Rubin, B. (1990). Islamic fundamentalism in Egypt. New York: St. Martin's Press.
All justice-related issues involving personal affairs and family matters of Moslems residing in Iran (a description that encompasses almost the entire--94 percent--population of the country) are decided by Shari`ah Courts within the parameters of Islamic law (Hunter, 1994, p. 776). In Islamic communities generally and in Iran specifically, the only social unit recognized by the state is the family (Roberts, 1991, p. 77).
Violations of public order in Iran are governed by the Criminal Code adopted in 1979 (Hunter, 1994, p. 776). There is no relationship between this criminal code and the concepts of criminal justice prevailing in the United States. The Iranian criminal code emphasizes the punishment of offenders. Retaliation against offenders, as opposed rehabilitation of offenders is the focus of the Iranian criminal code. This approach to criminal justice is inconsistent with the approach to the administration of criminal justice prevailing in the United States.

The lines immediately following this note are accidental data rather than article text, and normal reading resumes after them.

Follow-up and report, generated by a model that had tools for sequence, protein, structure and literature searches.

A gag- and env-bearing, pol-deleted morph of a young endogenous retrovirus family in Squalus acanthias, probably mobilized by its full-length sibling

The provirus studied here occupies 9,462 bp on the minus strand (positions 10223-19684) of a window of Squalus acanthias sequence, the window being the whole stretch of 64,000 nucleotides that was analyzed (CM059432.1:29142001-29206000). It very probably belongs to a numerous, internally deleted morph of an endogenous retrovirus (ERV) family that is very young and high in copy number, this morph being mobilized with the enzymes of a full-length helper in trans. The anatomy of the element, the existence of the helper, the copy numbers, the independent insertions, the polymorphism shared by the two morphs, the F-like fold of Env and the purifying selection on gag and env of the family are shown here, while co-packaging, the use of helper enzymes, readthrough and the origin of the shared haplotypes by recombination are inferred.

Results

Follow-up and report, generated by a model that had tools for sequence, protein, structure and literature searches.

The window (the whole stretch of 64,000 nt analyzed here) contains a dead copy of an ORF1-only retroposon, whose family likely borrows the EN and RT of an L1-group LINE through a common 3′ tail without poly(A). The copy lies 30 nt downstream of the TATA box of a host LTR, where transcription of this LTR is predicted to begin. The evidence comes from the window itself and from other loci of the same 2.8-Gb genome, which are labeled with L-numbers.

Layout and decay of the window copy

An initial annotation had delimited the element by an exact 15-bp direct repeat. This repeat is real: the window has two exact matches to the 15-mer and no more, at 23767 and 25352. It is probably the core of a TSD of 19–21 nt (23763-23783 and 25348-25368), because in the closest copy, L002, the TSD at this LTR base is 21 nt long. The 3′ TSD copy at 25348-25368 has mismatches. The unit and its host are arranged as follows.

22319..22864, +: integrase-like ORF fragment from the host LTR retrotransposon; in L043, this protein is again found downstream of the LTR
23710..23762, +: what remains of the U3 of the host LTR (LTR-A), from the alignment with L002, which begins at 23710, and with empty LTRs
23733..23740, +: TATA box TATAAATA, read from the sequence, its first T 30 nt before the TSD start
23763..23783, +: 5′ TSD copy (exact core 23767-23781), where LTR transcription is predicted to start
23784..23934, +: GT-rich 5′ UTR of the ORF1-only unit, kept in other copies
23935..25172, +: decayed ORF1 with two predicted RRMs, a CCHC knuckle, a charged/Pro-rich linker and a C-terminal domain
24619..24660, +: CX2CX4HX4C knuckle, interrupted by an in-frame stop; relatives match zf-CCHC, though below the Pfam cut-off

Public prosecutions are handled by procurators assigned directly to each court (Knudten, 1992, pp. 15-22). These individuals initiate public prosecutions and represent the state in such prosecutions. The President of the Supreme Court and the Prosecutor General are appointed by the country's spiritual leader. The Ayatollah Khameini followed the Ayatollah Khomeini in this role on the death of the latter. The Supreme Court has 16 branches.
Hiro, D. (1990). Holy wars: The rise of Islamic fundamentalism. New York: Routledge Publishing Co.